Cavity wall insulation claim appeal dismissed in court thanks to our Adjuster’s extensive knowledge of historic CWI claims

  • Cavity wall insulation installed in April 2018

  • Damage was reported almost 2 years later

  • Referencing a legal precedent involving similar principles and the legal definition of damage, we highlighted that there was no evidence the walls had been damaged at the point of installation – appeal dismissed


Cavity wall insulation (CWI) has been included in all new properties built since the 1990s and is designed to improve the thermal efficiency on buildings. Following changes in building regulations regarding CWI, retrofitting in older homes became very popular to reduce heating costs. However, not all properties are suitable for retrofitting CWI, and last year, we explored why.

A year on, and CWI claims continue to be a challenge – in this particular case, the claimant had CWI installed in their property in April 2018. At the time of installation, the installer held public liability insurance, but in June 2018 the policy was cancelled, with the installer entering voluntary liquidation in August 2018 and ceasing to trade. Unfortunately, in the CWI claims arena, this is an all too familiar story, and once an installer has ceased trading it can make the claim process difficult to navigate.

Almost two years after the CWI installation, in February 2020, the claimant’s property was affected by high damp readings, caused by rising and penetrating damp. The claimant pleaded that damp hadn’t been an issue prior to the CWI installation, and claimed that the cavity wall structures were physically changed by the introduction of CWI, making them less useful and effective.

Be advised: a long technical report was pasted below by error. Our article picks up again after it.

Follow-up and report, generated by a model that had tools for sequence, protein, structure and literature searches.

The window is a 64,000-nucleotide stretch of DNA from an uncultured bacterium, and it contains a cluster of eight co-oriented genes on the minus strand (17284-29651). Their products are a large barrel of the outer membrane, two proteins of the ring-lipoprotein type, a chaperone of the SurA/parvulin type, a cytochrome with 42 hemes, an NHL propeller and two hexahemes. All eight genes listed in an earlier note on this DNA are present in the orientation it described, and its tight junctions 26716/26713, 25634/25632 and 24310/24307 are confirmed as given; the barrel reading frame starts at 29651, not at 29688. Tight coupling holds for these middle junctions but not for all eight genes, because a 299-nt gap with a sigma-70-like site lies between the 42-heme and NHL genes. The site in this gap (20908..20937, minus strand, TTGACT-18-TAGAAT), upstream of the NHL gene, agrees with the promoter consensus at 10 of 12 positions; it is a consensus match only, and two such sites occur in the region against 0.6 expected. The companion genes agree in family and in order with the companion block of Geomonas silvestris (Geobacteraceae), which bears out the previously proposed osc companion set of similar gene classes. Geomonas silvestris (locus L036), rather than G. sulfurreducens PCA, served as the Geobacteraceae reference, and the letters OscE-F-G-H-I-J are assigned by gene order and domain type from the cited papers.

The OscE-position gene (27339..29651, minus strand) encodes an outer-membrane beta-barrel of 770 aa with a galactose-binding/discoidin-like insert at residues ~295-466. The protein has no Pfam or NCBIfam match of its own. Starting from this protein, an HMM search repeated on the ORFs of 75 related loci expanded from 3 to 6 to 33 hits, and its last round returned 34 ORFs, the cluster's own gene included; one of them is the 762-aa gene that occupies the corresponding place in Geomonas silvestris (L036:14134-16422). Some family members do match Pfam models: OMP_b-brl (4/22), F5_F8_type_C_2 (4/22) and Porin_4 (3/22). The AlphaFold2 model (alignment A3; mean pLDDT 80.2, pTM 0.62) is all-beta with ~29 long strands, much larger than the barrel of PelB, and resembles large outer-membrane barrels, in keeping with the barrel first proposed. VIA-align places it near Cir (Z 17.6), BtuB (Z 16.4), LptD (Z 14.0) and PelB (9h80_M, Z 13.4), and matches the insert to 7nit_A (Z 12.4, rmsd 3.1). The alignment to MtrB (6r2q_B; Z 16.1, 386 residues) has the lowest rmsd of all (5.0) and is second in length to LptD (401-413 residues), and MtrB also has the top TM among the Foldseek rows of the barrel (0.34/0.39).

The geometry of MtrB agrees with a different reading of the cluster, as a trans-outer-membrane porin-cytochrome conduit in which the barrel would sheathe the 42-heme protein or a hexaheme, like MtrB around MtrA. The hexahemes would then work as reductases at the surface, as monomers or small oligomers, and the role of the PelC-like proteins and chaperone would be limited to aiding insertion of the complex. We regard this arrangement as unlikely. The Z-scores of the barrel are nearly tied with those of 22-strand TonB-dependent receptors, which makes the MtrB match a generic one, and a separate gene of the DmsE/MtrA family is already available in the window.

The allegations made against the installer included a failure to follow appropriate guidance; failure to carry out a proper pre-inspection survey; installing CWI when the property was not suitable; and failing to carry out the installation with reasonable care and skill.

As the installer was no longer trading, the claim was litigated against our client insurer under the Third Party (Rights Against Insurers) Act 2010. As part of the defence our client responded with an application to have the claim struck out and for summary judgment to be entered on the grounds the claim had no reasonable prospects of success. The Judge at first instance ruled in favour of the defending insurer and with the claimant’s subsequent appeal against that first instance decision also dismissed.

How we helped

Our Adjuster wrote to the claimant’s lawyers in June 2020 and argued that as the installers’ insurance ceased in June 2018 and with the policy written on a ‘damage occurring’ basis, the policy could offer no indemnity towards the claimant’s claim. To claim against the insurer, the damage would have to have occurred during the period when the policy was active.

The claimant’s lawyers response was that the property walls were damaged at the point of CWI installation. However, our Adjuster then provided to the claimant lawyer in December 2020 a detailed explanation of the policy limitations, stating quite clearly that if the damage was noticed by the claimant in February 2020 then that was long after the policy ended and with no damage occurring to the property during the period when the policy was active. Utilising our knowledge of CWI claims, our Adjuster referred to case law we considered to be supportive of our interpretation of when damage occurred.


The Judge hearing the appeal ruled that for the claimant to pursue the allegation that the walls were damaged at point of installation, they would require evidence from an expert in the field. This wasn’t provided in the original case, nor the appeal.

The Judge dismissed the claimant’s appeal and in doing so referenced our detailed pre-litigation correspondence to the claimant’s lawyers – paying specific attention to our Adjuster directing the claimant lawyers to consider case law which the Judge agreed was directly relevant. The claimant has leave to appeal further, but as it stands, they face paying the not insignificant legal costs of both sides.

To find out more about how we tackle claims involving historic CWI installations, please get in contact with our Managing Director of Casualty Claims, Stephen Kavanagh on

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